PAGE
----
Stop Chasing the Purple Squirrel – It Doesn’t Exist

Stop Chasing the Purple Squirrel – It Doesn’t Exist

by Ryan Kohler

We are a society of perfection seekers – we want it all and we want it now. You know, the perfect job, the perfect house, the perfect partner. No exceptions. But does perfection truly exist? Or is it really just an illusion we chase that limits the scope of opportunities we have at our disposal?

Take a peek at Mike Rowe’s response to a fan who reached out to him looking for employment advice. When I read through it, I immediately thought of HR professionals and how sometimes, they’re so hung up on finding the perfect fit for their positions, or, as I like to call it, the “purple squirrel” that they whittle their applicant pool down to absolutely nothing. Here’s the thing, people have a tendency to get so caught up in the minuscule details they’ve engineered in their mind, that they often miss a chance to strike gold.

People have a tendency to get so caught up in the minuscule details they’ve engineered in their mind, that they often miss a chance to strike gold.

Let me give you an example. I have a client who struggles to find qualified applicants to fill their sales positions. Their philosophy is: if we’re paying a high salary for these employees, we expect the very best – we want people with a proven track record. Makes sense, right? Unfortunately, these high expectations are nearly impossible to meet. At least, from the restricted lens they’re currently viewing the issue anyway. And now that the job market has picked up again, chances are, these diamond-in-the-rough employees are likely already employed.

Based on their current expectations they’re limited to two outcomes – either hire a recruiter, or poach talent from competitors. A well-qualified recruiter is expensive, and a big commitment. Especially if you’re a small or mid-sized employer. And stealing employees from competitors isn’t sustainable long term because you’re going to have to pay them more than the last guy otherwise they’re not going to stick around, and once someone has been cherry-picked, they’re likely to be swiped again; what’s that motto? The best raise you can give yourself is to find a new job? It’s definitely applicable here.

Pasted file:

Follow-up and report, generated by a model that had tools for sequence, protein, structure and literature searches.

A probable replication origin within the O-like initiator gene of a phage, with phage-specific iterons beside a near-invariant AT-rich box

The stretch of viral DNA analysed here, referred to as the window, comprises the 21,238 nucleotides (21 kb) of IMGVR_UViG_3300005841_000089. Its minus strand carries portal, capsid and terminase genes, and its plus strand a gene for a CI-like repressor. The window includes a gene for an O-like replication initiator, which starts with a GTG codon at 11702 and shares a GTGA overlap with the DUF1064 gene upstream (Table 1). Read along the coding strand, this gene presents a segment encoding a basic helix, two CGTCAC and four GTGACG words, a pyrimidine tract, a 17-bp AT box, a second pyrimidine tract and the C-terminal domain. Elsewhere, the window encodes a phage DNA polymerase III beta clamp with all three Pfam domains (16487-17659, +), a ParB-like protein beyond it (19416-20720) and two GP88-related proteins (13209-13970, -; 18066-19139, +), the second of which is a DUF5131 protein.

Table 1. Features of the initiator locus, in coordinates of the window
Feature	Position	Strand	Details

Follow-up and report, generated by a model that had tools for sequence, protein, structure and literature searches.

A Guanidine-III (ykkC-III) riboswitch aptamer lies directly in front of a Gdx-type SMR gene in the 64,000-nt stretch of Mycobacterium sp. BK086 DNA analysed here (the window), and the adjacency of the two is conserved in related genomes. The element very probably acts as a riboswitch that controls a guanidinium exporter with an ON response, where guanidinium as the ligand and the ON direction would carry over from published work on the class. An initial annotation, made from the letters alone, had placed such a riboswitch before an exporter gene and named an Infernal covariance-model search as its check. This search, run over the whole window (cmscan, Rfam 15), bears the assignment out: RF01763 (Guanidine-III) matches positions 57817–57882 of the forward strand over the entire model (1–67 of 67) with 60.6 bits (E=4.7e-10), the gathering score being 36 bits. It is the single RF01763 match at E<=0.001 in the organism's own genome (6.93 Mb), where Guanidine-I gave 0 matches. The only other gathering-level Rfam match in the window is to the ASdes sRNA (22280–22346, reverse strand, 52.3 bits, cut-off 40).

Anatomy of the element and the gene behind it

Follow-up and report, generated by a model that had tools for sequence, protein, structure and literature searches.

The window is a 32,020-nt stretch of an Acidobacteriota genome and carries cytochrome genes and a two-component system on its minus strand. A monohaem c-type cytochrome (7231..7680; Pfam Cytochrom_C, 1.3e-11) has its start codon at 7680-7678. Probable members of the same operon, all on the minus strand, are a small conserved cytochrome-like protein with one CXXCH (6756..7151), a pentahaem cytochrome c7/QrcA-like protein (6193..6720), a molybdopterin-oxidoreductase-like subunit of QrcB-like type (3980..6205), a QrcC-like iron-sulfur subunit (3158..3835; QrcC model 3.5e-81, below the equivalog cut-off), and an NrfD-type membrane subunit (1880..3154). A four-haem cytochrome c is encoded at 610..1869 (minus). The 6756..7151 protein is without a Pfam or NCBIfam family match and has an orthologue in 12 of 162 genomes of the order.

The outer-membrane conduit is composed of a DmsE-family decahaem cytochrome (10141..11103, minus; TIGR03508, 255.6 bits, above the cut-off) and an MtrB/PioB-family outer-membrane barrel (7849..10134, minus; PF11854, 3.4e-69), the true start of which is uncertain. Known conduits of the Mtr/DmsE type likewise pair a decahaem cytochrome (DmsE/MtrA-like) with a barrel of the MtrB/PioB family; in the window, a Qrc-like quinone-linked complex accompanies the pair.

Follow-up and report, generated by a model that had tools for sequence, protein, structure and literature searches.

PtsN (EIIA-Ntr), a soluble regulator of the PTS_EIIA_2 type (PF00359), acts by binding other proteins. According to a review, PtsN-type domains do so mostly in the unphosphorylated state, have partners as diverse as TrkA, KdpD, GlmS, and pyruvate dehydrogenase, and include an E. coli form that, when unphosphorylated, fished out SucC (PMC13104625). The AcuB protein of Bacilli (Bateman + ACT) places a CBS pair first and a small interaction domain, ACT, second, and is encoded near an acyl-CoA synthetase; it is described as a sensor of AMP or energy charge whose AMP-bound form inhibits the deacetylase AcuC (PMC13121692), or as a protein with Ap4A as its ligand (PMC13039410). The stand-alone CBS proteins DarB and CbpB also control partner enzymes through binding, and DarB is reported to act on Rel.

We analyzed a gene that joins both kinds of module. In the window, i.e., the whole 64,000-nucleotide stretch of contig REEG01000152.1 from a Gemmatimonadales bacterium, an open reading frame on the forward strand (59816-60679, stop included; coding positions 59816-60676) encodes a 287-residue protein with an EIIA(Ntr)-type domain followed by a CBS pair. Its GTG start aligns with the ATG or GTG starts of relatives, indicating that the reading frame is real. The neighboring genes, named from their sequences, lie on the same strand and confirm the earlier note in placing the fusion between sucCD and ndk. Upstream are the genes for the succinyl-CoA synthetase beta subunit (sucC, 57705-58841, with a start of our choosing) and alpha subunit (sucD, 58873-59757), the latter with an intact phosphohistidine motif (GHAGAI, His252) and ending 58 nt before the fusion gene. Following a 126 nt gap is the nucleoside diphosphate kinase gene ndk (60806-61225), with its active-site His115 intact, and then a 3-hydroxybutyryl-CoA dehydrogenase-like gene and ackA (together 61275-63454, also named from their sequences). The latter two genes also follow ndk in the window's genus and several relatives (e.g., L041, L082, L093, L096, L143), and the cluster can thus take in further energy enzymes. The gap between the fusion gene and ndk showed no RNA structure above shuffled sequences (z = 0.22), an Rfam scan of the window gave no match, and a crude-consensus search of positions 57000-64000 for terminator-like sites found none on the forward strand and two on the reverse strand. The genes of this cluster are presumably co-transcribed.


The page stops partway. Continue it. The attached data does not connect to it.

What do you do then? Are employers simply doomed to endure the emotional deflation that stems from hiring someone simply to fill a chair? Of course not! It’s all a matter of perspective. My blog posts have a recurring theme to them – think outside the box. I’m always trying to motivate HR to step outside of their comfort zone and view the situation from a more strategic viewpoint. Sure, I could help this client write a more optimized job ad, and we could tweak their application a bit to increase flow, but it still won’t change their screening process.

Create the employee you want that’s a perfect fit for your organization instead of hiring someone who is less malleable”

What I can do though is broaden their horizons some. Instead of targeting nearby cities/suburbs, they can expand their geographic target – they can fly people in to interview, relocate them, etc. They can also change their standards for the job. I can see the glint of light reflecting from the pitchfork you’ve picked up in order to chase me off the employment island, but hear me out on this. Notice I didn’t say lower expectations because I believe that you can get the same results (aka sell the same amount if not more than you did with your previous rockstar employees) and you can pay them less. How you ask? You hire the applicants that fit the behavioral/cognitive mold of your current best sales people, with less experience and shape them to meet your goals. Since you’re hiring people with less experience, you can start them at lower salaries and use the difference to fund some all-star sales training. Create the employee you want that’s a perfect fit for your organization instead of hiring someone who is less malleable. Who knows, the employee may even exceed your expectations.

The key to success with anything in life is to keep yourself open to new angles. You don’t want to chain yourself to a set process and rules for how this process is likely to reveal itself because you’re likely to overlook amazing opportunities. Open your eyes and take a risk. The outcome might surprise you.

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